Ready for more of the American Patchwork & Quilting Quilt-Along? (Click here if you missed last week’s post—there’s still time to join in the fun. We’re working on a quilt pattern you can find in the February 2014 issue of American Patchwork & Quilting magazine on-sale now at quilt shops, newsstands, and digitally at allpeoplequilt.com/getdigital.)
To pick up where I left off last week, I chose a palette of taupes for my version of Tone It Down and then mixed in some brushed cottons to add variety to the mix. Once I’d pulled all the potential fabrics from my stash, I spread them out on a cutting mat to get a feel for the range of colors and to see if anything popped out too much. Remember, my self-imposed rule was to keep contrast to a minimum and use only what I had.
I sorted into “lights” and “darks” which was no small task given the drab tone of my entire selection. Here’s what I felt could work as my “darks.”
And here is my selection of “lights.”
Now it didn’t take long for me to notice that there are way more darks than lights, which speaks to a continuing problem in my stash saga. When fabric shopping (or as I like to call it, researching) I’m almost always attracted to rich, saturated colors in fabrics—the darker and richer the better—leaving me with a paltry number of lights in the mix. Note to self: buy more lights when stash building to round out the assortment of fabrics on hand. (Whew, I feel like I’ll be on a mission now to help myself build a better stash! Don’t you love it when a project designed to use your stash leads you to begin replacement therapy right away? Tough work, but someone’s got to do it. I’m in!)
Okay, back to the project at hand. Here are the few fabrics I kicked out of the mix.
What got them tossed out? Looking at the photo from dark to light, here are my reasons:
- Too dark and thus too much contrast.
- Too minty and bold, stood out like a sore thumb.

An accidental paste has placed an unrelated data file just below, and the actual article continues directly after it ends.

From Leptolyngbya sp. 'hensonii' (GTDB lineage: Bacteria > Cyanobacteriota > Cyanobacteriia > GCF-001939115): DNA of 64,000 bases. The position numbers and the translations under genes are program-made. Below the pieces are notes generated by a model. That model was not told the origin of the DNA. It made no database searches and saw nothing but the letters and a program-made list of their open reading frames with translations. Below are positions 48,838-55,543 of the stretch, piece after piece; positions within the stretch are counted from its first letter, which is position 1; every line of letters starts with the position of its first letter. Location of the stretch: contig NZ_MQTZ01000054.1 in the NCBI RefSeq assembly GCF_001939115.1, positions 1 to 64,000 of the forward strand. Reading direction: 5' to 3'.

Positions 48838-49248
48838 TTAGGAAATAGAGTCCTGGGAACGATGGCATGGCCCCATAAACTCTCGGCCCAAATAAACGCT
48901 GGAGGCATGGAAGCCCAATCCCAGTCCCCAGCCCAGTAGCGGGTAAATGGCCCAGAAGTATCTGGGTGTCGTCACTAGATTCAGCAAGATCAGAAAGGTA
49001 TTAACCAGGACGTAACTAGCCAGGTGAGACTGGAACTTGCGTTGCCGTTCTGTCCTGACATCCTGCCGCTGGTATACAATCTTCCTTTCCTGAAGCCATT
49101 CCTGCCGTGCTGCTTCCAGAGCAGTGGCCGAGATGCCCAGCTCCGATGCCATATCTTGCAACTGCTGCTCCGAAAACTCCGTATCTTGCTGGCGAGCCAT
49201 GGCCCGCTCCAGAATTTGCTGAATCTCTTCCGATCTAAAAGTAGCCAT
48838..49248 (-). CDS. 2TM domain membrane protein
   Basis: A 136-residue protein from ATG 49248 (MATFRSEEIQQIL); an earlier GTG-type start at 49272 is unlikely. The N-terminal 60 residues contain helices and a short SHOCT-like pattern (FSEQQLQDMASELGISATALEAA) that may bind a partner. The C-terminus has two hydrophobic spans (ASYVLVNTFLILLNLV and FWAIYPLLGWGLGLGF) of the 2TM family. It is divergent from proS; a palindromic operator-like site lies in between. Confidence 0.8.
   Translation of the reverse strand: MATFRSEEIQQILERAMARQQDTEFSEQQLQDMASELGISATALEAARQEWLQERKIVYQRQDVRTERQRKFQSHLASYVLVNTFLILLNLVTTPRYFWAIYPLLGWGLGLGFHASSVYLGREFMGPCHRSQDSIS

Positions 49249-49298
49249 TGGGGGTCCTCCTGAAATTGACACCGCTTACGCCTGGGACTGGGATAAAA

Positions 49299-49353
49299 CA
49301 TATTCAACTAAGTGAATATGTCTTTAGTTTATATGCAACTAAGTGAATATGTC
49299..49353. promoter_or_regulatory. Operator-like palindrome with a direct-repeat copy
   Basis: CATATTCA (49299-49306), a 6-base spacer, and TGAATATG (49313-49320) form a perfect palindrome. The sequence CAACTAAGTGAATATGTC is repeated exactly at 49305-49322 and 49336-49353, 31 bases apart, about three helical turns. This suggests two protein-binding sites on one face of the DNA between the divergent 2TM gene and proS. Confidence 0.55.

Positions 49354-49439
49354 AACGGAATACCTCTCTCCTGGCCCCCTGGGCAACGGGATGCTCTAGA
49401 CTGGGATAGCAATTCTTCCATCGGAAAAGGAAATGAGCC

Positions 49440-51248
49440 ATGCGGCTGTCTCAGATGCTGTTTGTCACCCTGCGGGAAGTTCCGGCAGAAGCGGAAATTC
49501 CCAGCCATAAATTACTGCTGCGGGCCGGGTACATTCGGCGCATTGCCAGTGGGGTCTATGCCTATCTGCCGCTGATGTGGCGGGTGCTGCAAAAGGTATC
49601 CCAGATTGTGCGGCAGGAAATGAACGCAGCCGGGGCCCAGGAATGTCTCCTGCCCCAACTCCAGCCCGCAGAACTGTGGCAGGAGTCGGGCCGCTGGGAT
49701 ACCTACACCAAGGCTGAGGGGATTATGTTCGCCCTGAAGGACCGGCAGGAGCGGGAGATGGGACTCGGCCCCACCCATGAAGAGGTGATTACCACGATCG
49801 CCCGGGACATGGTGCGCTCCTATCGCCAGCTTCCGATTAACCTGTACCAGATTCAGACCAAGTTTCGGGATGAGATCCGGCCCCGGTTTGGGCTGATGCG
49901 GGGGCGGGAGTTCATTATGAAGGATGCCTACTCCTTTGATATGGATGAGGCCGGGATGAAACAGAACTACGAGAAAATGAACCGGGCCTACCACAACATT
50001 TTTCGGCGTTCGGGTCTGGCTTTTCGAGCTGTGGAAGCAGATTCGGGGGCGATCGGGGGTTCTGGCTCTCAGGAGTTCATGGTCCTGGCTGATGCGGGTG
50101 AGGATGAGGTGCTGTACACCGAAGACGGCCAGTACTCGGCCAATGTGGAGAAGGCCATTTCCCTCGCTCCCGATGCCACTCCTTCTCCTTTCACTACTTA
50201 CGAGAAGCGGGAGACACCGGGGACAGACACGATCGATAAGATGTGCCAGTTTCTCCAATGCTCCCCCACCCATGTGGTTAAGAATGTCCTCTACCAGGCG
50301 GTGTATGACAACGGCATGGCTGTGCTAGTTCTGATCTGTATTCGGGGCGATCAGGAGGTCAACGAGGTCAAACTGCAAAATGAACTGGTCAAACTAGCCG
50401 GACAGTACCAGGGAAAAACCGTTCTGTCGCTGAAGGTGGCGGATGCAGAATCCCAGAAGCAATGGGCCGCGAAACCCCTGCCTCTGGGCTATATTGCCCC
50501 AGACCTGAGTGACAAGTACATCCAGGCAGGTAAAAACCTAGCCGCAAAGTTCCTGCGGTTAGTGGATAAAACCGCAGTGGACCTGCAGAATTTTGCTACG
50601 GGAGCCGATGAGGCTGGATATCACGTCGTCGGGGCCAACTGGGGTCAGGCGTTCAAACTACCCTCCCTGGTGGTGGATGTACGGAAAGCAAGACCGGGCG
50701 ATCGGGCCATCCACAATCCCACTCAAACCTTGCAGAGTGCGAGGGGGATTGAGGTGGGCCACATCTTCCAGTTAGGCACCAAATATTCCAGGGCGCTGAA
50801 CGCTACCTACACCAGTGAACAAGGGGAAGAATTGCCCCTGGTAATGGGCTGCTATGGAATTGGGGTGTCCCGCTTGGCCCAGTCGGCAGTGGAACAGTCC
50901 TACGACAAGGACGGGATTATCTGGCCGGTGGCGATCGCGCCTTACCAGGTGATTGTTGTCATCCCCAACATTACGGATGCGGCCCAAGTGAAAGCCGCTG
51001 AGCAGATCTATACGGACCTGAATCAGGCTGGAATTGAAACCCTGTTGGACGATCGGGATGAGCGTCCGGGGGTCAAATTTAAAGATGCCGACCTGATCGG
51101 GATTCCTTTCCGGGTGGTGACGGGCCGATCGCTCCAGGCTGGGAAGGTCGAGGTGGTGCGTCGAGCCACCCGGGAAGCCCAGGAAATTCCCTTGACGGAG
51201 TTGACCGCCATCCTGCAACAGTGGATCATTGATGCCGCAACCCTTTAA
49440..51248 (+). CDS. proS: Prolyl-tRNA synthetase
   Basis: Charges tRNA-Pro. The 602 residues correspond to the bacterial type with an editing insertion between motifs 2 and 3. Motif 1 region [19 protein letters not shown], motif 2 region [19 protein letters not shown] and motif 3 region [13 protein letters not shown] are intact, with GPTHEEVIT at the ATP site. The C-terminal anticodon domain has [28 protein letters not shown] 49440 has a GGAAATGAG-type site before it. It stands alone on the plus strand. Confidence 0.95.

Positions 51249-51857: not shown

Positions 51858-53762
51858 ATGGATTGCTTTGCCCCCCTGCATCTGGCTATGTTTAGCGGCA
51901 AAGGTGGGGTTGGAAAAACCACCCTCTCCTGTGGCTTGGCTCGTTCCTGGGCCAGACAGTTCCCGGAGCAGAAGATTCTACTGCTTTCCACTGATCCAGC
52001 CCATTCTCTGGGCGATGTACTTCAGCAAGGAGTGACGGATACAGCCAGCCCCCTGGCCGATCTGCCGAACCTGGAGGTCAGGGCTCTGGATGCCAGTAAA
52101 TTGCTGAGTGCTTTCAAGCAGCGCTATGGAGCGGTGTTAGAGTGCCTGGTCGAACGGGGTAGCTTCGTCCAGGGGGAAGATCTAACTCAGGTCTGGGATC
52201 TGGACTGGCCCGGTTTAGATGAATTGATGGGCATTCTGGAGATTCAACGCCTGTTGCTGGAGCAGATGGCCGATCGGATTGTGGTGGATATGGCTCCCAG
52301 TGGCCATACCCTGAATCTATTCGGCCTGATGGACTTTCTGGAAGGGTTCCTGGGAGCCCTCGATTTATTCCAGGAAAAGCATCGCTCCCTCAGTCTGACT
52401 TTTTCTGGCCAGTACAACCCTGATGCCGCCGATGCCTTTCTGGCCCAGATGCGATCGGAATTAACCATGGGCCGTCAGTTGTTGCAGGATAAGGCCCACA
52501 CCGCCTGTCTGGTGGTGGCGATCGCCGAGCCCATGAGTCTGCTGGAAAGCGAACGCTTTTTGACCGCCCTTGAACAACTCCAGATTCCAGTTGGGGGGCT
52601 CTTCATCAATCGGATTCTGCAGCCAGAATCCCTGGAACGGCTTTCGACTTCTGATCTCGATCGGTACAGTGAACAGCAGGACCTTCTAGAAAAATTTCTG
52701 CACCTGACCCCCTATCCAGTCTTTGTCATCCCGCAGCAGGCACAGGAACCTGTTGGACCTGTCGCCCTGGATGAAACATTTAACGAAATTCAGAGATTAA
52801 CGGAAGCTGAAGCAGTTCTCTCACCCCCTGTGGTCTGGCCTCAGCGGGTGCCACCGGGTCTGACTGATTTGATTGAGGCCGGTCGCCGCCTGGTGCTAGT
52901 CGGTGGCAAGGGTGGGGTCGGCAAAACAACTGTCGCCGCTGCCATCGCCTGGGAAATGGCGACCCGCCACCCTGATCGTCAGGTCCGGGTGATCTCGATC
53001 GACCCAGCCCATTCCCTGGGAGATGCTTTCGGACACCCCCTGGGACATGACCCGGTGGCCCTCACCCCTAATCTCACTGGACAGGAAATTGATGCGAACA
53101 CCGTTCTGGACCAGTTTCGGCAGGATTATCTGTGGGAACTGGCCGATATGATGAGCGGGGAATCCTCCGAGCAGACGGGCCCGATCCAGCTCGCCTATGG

- This one looked like it should work, but in the end was too light to be a dark, and too dark to be a light. Stuck in the middle, this one stood out too much in the pile.
- Way too light and bright.
Once I put it all together, here’s my final fabric palette.
I’m ready to piece a block together and my plan is this: Two fabrics per block, contrast kept to a minimum without getting too mushy. My challenge? I’m not sure I can do it using only these fabrics. But, I’m excited at the prospect of trying. That’s the fun of the quilt-along…trying something new and seeing whether or not it works. If it does, great! If it doesn’t….well, there could be some great patchwork pillows for my son and husband in this mix. Stay tuned…
P. S. If you decide to join in—don’t forget to share! We’re so excited to see what everyone’s making as they quilt along! We created a hashtag you can use on Instagram, Twitter, and Facebook. Simply hashtag any uploaded photos to your own social media sites with #APQquiltalong. That will make it easy for all of us to see what everyone is working on! I’ll be back to share my progress with you soon.
Now, check out these other Quilt Along participant’s blogs:
- Amy Ellis of Amy’s Creative Side, amyscreativeside.com. Amy’s planning to make a guy-worthy quilt, with a scrappy mix of blue, green, and gray fabrics.
- Anne Sutton of Bunny Hill Designs, bunnyhillblog.com. A rich, vintage look in hues of beige, purple, and rusty brown is what Anne is seeking.
- Camille Roskelley of Thimble Blossoms, camilleroskelley.typepad.com. A scrappy, cheerful assortment of Bonnie and Camille prints ups the contrast.
- Carrie Nelson of Miss Rosie’s Quilt Co., lavieenrosie.typepad.com. Carrie adds a French twist, working in a scrappy three-color palette of French General fabrics.
- Jane Davidson of Quilt Jane, quiltjane.blogspot.com. Jane’s version is all about text-ure—text prints mixed with solid-color wovens.
- Kimberly Jolly of Fat Quarter Shop, fatquartershop.blogspot.com. The big blocks pop when separated by colorful sashing on Kimberly’s quilt.
- Lisa Bongean of Primitive Gatherings, lisabongean.com. Lisa turns up the volume with black backgrounds and cream and tan print patchwork.
- Lissa Alexander, modalissa.blogspot.com. Lissa shares her experience and tips about the process of making the featured version of Tone It Down.
- Sherri McConnell of A Quilting Life, www.aquiltinglife.com A fan of primary colors and American Jane prints? Sherri’s version might be just what inspires you!
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